Foo Fighters – ‘Something From Nothing’

With the previous Foo Fighters‘ album Wasting Light, Dave Grohl & co.’s fervent desire to restore the supposedly lost primal nature of rock music seeped from every orifice of its composition – from its abundance of adrenaline-charged anthems to its well documented analog recording process. Their plight seems set to continue with new album Sonic Highways, as lead track ‘Something From Nothing’ serves as a pastiche of rock & roll’s most archetypal figures – channeling the sheer grandiosity of Led Zeppelin‘s latter material and (perhaps a little too accurately) imitating the definitive metallic crunch of Dio‘s ‘Holy Diver’. With an audacious climax streaked with rampant drum fills, a haze of distortion and a searing solo spot from Cheap Trick‘s Rick Nielsen, ‘Something From Nothing’ only provides further proof that Foo Fighters remain one of the seldom few rock bands to match the majesty and success of those that reigned supreme generations ago.

Joshua Pauley @PutUp0rShutUp

David Bowie – ‘Sue (Or in a Season of Crime)’

David Bowie takes a progressive and experimental approach with this new track, filled with brass horn sections, multiple saxophones and jazzy drums providing the rhythm, almost sounding like it could be a the title tune in a James Bond film.

The song presents itself with a more serious, despair filled theme to the vocals and lyrics over the usual Glam tinge found in Bowie’s previous work. His voice is sounding a little deeper than it was 30 years ago, but it kind of suits this new style he’s trying out. The piece goes on for 7 minutes and builds nicely up to a big crescendo with all the instruments in the horn section crashing into a climax. There’s some interesting bass work going on too as the song meanders.

If you haven’t checked out Bowie for a while, now might be a good time. He’s still constantly reinventing himself as he always does, and still as strange and experimental as he was before.

Greg Hudson

Slipknot – ‘Sarcastrophe’

Bands that have so much riding on their music tend to disappear for a while, but Slipknot had a few more issues to deal with than the braying public in the time since Antennas to Hell. After all the troubles they’ve held nothing back with the (many, many) single releases for upcoming album .5: the Gray Chapter, and ‘Sarcastrophe’ is a prime example of why it’s a cert for the Best of 2014 lists. Aggressive, thrash and heavy as hell, it’s proof to all the doubters (particularly after the opinion-dividing first single ‘The Negative One’) that they’re on true Slipknot form.

Jodie Mae-Finch @ragingfun

Noel Gallagher’s High Flying Birds – ‘In The Heat Of The Moment’

He’s back, the chief is officially back! After releasing his debut album back in 2011, Noel Gallagher has returned with a new track entitled ‘In The Heat Of The Moment’, scheduled to appear on his upcoming second album Chasing Yesterday.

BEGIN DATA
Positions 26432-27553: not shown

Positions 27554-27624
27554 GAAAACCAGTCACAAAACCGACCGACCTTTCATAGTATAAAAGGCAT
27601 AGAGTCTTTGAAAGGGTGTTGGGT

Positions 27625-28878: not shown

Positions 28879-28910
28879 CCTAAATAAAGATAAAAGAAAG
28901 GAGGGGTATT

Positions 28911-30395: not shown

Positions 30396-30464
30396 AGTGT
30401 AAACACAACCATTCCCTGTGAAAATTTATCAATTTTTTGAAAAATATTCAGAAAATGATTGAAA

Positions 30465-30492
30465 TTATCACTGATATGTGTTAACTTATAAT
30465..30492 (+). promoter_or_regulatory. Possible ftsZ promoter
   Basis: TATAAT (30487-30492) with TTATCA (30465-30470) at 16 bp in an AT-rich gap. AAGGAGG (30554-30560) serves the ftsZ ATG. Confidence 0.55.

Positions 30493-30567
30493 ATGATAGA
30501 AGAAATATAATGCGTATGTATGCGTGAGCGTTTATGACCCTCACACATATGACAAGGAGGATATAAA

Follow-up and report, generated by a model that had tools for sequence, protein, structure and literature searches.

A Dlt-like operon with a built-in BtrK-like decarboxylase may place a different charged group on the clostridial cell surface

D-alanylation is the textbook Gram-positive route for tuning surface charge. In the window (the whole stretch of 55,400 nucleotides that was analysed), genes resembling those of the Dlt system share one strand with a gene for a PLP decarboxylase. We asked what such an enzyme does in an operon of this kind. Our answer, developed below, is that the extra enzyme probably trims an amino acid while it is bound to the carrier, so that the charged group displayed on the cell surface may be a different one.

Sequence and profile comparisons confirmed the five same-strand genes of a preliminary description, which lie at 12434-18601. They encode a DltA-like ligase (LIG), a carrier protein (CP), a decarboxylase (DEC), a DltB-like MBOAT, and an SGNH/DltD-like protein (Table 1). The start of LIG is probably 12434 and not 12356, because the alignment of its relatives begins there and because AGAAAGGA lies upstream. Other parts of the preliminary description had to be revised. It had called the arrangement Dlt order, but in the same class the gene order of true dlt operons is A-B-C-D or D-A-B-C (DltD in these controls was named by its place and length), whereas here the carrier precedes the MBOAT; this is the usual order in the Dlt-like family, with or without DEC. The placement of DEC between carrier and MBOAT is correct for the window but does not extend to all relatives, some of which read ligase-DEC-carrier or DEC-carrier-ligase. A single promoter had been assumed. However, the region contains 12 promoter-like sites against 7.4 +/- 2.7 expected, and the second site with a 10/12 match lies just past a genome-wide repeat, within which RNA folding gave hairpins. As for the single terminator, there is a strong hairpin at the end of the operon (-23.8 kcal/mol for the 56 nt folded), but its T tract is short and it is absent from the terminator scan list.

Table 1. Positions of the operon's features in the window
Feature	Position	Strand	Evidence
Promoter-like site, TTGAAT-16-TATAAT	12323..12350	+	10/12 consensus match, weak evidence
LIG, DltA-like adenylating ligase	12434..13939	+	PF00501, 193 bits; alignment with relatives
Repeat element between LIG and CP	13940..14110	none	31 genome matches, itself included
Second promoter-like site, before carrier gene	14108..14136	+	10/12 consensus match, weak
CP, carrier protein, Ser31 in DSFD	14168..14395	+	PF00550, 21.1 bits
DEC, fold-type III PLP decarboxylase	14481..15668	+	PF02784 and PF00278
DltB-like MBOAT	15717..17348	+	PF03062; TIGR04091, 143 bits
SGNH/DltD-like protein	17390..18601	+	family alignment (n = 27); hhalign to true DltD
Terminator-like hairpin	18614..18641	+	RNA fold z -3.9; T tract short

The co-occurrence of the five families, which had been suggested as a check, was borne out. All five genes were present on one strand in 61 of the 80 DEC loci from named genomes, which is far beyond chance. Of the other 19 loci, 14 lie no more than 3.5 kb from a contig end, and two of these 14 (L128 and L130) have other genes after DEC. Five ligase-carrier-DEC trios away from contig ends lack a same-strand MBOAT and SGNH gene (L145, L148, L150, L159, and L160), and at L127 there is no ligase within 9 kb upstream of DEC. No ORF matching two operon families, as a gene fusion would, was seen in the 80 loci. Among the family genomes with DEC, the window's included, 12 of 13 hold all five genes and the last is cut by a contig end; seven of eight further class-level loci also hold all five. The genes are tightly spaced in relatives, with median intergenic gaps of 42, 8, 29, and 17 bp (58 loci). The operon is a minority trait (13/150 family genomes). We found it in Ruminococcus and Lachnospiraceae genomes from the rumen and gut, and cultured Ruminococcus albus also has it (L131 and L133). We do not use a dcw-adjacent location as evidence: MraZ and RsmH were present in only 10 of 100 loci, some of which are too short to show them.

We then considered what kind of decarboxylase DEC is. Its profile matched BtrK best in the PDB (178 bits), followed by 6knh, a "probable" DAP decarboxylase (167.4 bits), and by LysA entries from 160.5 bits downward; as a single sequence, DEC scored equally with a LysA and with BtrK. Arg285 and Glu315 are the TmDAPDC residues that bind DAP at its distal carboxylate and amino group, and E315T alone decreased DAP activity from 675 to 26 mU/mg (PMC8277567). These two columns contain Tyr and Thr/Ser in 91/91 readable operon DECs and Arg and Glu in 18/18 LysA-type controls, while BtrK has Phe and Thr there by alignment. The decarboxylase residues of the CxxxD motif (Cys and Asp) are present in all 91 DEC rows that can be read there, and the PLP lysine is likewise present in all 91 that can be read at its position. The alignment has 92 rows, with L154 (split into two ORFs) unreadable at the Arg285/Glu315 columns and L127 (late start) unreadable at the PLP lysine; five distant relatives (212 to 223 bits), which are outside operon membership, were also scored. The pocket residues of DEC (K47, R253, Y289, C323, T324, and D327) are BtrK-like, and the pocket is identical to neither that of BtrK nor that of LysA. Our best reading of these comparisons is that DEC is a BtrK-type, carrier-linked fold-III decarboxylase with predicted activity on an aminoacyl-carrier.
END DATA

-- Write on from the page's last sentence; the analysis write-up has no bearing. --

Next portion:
Whilst the song itself may be a tad safe sounding, there’s no escaping its mighty earworm of a chorus as Noel confidently declares: “In the heat of the moment/I know that’ll you’ll be by my side”. Who is he talking about? Who cares when you’ve got a hook as glorious as this. Team Noel fans rejoice because this easily makes Beady Eye look ultimately dull in comparison.

Joel Hernon

Tourist – ‘Wait’

Ambient in its approach, ‘Wait’ is created from a structure of tranquil synthesiser effects and piano-house sounds. Released as the latest track from UK producer Tourist who’s been absent since the release of his last EP in April, ‘Wait’ continues the inclusion of soothing components within his productions.

Tourist’s latest creation doesn’t only explore the sounds of ambient. Incorporating other genres such using a quick hip-hop alike drumbeat alongside having the rave classic hoover synthesiser noise near its finish generates a track full of calming beginnings and euphoric endings.

Aaron Jolliff @AaronJolliff95

Marina & The Diamonds – ‘Froot’

Title track ‘Froot’ from Marina and the Diamonds third forthcoming album undoubtedly explores their new electronic musical direction. Passion and intensity builds through the five-minute track with punchy disco pop beats and catchy riffs accompanied by Diamandis’s distinctive vocals. The track incorporates metaphorical lyrics “Hanging like a fruit, ready to be juiced / I am plump and ripe” that would appear to be sexually influenced. Looking deeper it is evident that they encompass a theme of commercialism and Diamandis’s yearning for recognition and distinction as an artist. The release date for the two-year awaited upcoming album has not yet been confirmed.

Lydia Hughes

Man Overboard – ‘Stood Up’

Man Overboard are the pinnacle of what pop-punk has become. It’s not the cheesy toilet jokes and childish booby references that it was in the 00’s. ‘Stood Up’ comes from the New Jersey five piece’s forthcoming EP Passing Ends; lyrical woefulness woven into a twinkly acoustic track.  It’s heartbreaking from start to finish, delicately relatable. As Man Overboard go, this track is way on the gentle side (aren’t acoustic songs always?), but it’s still packed full of angst and heartache; “You say that you’re depressed// Well darling welcome to the club // Now take a seat.” If you need to do a little cry, do it to this song.

Callum Cornwell @CallumJack93

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